Those suffering from a sexual addiction usually find it hard to live a normal life. It can interfere with their job and interpersonal relationships and even impact their safety.
Another sign that someone may be addicted to sex is that they cannot concentrate on other activities. Instead, they fixate on acquiring and having sex. This may lead individuals to participate in risky sex.
There are a variety of treatment options, such as addiction support groups, that exist to help individuals on their journey to overcoming sexual addictions.
Someone with a sexual addiction may consume a lot of pornographic content, but someone with a pornography addiction won’t necessarily go to the extremes of having sex like someone with a sex addiction.
A pornography addiction is defined as a compulsive need to view pornography even when one may not want to. Whether this can be classified as a true medical addiction is still being debated in the medical world.
However, whether it’s classified as a true addiction or not does not deter from the negative effects of compulsively viewing pornography. Some detrimental effects include pushing aside work or school duties to spend more time viewing sexual content. It can also be a problem when one can’t resist viewing it, even in inappropriate places such as work, school, or social situations.
Perhaps the most widely recognized behavioral addiction, gambling addiction, affects millions of people worldwide. Unfortunately, it can have disastrous effects not only financially but on personal relationships as well.
A gambling addiction is defined as the irresistible urge to continue gambling, despite the negative impacts it may have. It’s characterized by a need to chase the high of winning big, even though it’s inevitably followed by steep lows.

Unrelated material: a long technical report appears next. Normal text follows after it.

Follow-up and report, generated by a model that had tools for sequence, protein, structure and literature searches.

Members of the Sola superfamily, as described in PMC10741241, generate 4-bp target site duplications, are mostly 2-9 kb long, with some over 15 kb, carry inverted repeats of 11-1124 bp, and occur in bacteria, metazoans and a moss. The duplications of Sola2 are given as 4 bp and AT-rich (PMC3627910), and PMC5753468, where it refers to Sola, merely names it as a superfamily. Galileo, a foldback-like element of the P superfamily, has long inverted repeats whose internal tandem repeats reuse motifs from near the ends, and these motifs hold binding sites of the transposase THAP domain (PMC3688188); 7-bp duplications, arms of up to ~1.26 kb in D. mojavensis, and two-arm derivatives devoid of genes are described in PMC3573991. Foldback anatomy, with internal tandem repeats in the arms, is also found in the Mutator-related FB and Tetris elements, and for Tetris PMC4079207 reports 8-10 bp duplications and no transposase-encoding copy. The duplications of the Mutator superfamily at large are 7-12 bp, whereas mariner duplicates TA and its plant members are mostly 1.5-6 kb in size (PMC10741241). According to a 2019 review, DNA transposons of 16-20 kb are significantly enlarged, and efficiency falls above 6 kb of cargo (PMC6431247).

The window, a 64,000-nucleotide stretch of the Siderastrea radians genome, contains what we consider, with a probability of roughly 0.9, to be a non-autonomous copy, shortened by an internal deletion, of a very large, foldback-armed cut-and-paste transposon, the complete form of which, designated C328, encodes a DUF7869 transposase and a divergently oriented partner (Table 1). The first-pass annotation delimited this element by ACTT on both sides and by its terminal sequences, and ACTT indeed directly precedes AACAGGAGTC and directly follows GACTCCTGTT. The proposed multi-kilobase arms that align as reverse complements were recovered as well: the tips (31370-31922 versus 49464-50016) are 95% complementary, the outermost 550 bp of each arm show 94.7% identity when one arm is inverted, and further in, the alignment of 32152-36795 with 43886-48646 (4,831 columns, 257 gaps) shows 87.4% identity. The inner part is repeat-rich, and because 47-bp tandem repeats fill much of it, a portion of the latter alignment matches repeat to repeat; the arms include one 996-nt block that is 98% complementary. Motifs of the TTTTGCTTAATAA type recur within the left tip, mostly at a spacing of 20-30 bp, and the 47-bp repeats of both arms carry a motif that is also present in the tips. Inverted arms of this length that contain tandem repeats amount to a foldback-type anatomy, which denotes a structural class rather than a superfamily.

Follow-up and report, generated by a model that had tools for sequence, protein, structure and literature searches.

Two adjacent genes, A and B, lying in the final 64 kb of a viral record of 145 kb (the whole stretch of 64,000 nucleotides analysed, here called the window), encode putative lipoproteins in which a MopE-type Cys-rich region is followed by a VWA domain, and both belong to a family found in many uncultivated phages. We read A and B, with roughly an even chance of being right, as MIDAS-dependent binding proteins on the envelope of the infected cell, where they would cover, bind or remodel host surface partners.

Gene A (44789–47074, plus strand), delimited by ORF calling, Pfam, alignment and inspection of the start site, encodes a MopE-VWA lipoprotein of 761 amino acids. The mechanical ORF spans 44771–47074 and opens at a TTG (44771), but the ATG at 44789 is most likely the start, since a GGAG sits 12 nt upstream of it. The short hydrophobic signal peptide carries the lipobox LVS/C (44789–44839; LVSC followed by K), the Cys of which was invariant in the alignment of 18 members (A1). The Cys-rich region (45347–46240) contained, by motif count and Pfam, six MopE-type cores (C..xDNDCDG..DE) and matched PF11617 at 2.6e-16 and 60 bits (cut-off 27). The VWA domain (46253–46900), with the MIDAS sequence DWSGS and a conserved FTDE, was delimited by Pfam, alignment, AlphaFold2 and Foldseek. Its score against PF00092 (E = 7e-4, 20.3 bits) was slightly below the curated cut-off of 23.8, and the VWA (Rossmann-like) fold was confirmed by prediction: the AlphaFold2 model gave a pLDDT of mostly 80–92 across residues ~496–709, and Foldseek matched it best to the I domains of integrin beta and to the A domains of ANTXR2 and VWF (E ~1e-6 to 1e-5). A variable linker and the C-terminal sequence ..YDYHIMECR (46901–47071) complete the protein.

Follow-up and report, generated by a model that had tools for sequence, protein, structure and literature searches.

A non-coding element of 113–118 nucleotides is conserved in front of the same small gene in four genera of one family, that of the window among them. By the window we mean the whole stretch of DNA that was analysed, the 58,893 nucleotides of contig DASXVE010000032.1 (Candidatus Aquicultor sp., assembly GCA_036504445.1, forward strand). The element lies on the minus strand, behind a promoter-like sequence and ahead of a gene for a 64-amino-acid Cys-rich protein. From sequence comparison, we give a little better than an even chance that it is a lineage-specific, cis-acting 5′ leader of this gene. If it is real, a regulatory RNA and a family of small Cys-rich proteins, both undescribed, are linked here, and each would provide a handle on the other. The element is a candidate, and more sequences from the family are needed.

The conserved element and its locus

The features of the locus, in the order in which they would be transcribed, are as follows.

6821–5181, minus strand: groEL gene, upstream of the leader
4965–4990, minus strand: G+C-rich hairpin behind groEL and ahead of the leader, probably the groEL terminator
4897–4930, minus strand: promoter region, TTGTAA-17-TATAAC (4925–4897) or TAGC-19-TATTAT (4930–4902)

Gambling is known to stimulate the brain much in the same ways that drugs or alcohol can. Symptoms of gambling addiction include obsessively thinking about gambling, wanting to stop but can’t, and lying to family or friends about the extent of your gambling.
Fortunately, there is hope for those suffering from a gambling addiction. Participating in addiction therapy is found to be successful in freeing individuals from the compulsive need to gamble.
Another behavioral addiction seemingly on the rise, social media addiction, is characterized as being overly concerned with social media. Constantly scrolling, worrying about social media presence, and feeling an uncontrollable urge to log onto social media sites or apps are all symptoms of social media addiction.
Whether or not you can be truly addicted to social media is another topic that medical professionals and scientists are currently debating. However, the dopamine that users experience when receiving “likes” or when scrolling through their feeds is very similar to what happens in the brain when people gamble or use recreational drugs.
Psychologists estimate that as high as 10% of the American population use social media enough to warrant a social media addiction diagnosis.
Sometimes referred to as an internet gaming disorder, this addiction is characterized by a lack of control over gaming habits. The playing of video games begins to impact other areas of life, such as work, personal relationships, school, and even health.
However, despite these adverse consequences of extended gameplay, those suffering from a video game addiction can’t cut back.
Researchers are still trying to determine how closely related a video game addiction is to gambling addiction. Some experts argue that the surge of dopamine when winning is very similar.
However, others argue that the use of skill and reflexes in video games puts this addiction in a different category, as a gambling addiction has to do with the thrill of chance.
For most people, falling in love is an exciting and fulfilling experience. However, some people may develop a love addiction, sometimes referred to as pathological love. This is defined as when someone’s affection for another person crosses over into obsession, and they are unable to function in other areas of their life.
Experts aren’t entirely sure about why love addictions can occur. They can be difficult to diagnose and are often misdiagnosed as mood disorders or other mental health disorders.
Psychologists think a love addiction may be due to an impulse control disorder when the brain becomes accustomed to the dopamine flood when pursuing and showing love.
This addiction is characterized by someone who feels out of control with their spending and can’t stop shopping. There are several different types of shopping addictions. Here are the most common motives behind shopping addicts.